Given the increasing prevalence of stroke survivors and diminishing length of stays in rehabilitative settings, assessment methods to direct LE treatment must be optimized. Could MEPs constitute a biologically based, objective, method to address this need? Our overall objective was to examine the association of MEPs with LE outcomes in a well-defined cohort of chronic, stable, stroke survivors. To accomplish this objective, the study had two primary aims: (1) to determine associations among tibialis anterior (TA) and soleus (SO) MEP characteristics (amplitude and latency) and scores on clinical measures; (2) to determine associations among the presence of a detectable MEP signal and scores on clinical measures. Within these two primary aims, we specifically examined the following associations: (a) TA and SO MEP amplitude/latency and scores on the LE FM; (b) TA and SO MEP amplitude/latency and gait; (c) presence of a MEP response and LE FM scores; and (d) presence of a MEP response and gait. To our knowledge, this was the first study to extensively examine MEPs as a measure of LE outcomes after stroke, as well as being one of the first studies to use navigated TMS in either the paretic upper or lower extremities to associate MEP presence with outcomes.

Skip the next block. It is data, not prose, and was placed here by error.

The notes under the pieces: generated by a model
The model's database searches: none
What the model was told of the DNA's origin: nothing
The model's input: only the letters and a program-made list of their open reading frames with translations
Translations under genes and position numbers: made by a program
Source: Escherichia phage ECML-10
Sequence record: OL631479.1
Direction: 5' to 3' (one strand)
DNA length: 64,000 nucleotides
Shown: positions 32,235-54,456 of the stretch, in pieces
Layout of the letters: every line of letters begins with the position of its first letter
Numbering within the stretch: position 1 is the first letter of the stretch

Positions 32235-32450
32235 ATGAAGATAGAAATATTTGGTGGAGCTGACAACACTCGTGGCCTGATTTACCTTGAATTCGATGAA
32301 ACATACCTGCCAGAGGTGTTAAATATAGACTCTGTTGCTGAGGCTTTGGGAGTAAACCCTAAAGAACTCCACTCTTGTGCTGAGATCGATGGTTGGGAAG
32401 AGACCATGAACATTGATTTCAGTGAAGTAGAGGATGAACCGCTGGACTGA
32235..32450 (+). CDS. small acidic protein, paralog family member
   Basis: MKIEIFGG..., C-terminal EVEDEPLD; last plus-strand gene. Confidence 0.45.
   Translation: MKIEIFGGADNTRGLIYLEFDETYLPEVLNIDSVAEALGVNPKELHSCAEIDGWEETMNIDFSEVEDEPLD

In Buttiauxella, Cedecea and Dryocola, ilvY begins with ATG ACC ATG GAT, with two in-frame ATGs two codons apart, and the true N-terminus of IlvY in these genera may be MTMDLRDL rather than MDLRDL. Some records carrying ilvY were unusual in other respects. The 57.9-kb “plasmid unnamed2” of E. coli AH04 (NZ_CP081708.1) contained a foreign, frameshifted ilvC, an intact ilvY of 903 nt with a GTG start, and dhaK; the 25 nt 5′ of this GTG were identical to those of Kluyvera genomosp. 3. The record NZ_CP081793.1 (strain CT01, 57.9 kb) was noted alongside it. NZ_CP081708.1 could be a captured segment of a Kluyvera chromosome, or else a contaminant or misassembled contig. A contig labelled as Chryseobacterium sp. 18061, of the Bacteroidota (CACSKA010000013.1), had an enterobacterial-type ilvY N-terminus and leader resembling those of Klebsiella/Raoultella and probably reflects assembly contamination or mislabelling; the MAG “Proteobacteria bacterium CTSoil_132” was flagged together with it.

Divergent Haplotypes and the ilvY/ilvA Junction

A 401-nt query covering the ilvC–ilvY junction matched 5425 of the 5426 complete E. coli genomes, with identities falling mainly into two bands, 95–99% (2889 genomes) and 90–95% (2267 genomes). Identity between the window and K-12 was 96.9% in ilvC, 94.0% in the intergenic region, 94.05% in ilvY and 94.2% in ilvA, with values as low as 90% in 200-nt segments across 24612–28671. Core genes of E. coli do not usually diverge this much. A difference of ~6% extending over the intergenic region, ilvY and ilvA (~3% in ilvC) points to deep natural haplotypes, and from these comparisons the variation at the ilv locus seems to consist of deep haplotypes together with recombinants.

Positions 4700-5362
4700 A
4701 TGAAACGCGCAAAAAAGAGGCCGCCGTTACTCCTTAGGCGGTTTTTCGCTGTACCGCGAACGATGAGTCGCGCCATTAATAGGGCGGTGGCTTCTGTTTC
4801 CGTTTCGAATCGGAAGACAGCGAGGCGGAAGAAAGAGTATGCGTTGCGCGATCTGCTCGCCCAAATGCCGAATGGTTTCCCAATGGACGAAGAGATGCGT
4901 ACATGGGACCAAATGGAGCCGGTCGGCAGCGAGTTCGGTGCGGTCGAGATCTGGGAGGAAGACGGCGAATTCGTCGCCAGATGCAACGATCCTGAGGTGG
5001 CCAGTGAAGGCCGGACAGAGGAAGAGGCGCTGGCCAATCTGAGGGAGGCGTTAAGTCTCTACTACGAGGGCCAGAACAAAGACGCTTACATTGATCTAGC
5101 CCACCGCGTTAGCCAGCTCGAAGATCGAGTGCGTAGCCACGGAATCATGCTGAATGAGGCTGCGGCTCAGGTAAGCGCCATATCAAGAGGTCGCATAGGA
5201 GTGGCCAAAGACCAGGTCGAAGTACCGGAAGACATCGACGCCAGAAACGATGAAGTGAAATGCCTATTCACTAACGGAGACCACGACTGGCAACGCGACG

2. Methods

2.1. Subjects

Volunteers were recruited directly from local stroke support groups and by using advertisements placed in local outpatient stroke clinics. After signing an approved consent form, the following study criteria were applied to volunteers expressing interest in the study: Inclusion criteria were as follows: (a) ≥20 years of age; (b) unilateral stroke experienced ≥ 4 months prior to study enrollment, occurring in middle cerebral artery (MCA) territory involving the motor cortex (cortical stroke) or/and its corticospinal projections (subcortical stroke); (c) no other known brain abnormalities by history or by structural MRI. Exclusion criteria were as follows: (a) contraindications to neuroimaging as described in detail elsewhere [25] (e.g., seizure history; pregnancy; metal in head; implanted medical devices); (b) history of alcohol abuse and/or drug use; (c) history of mental illness; (d) personal or family history of epilepsy; (e) hypertensive or hypotensive condition; (f) any condition that would prevent the subject from giving voluntary informed consent; (g) taking any medication that interferes with the TMS measures; (h) enrolled in an interventional trial during this study; (i) a fixed contraction deformity in the paretic LE; (j) excessive spasticity in any joint of the affected LE as indicated by the Modified Ashworth Spasticity (MAS) Scale ≥ 2.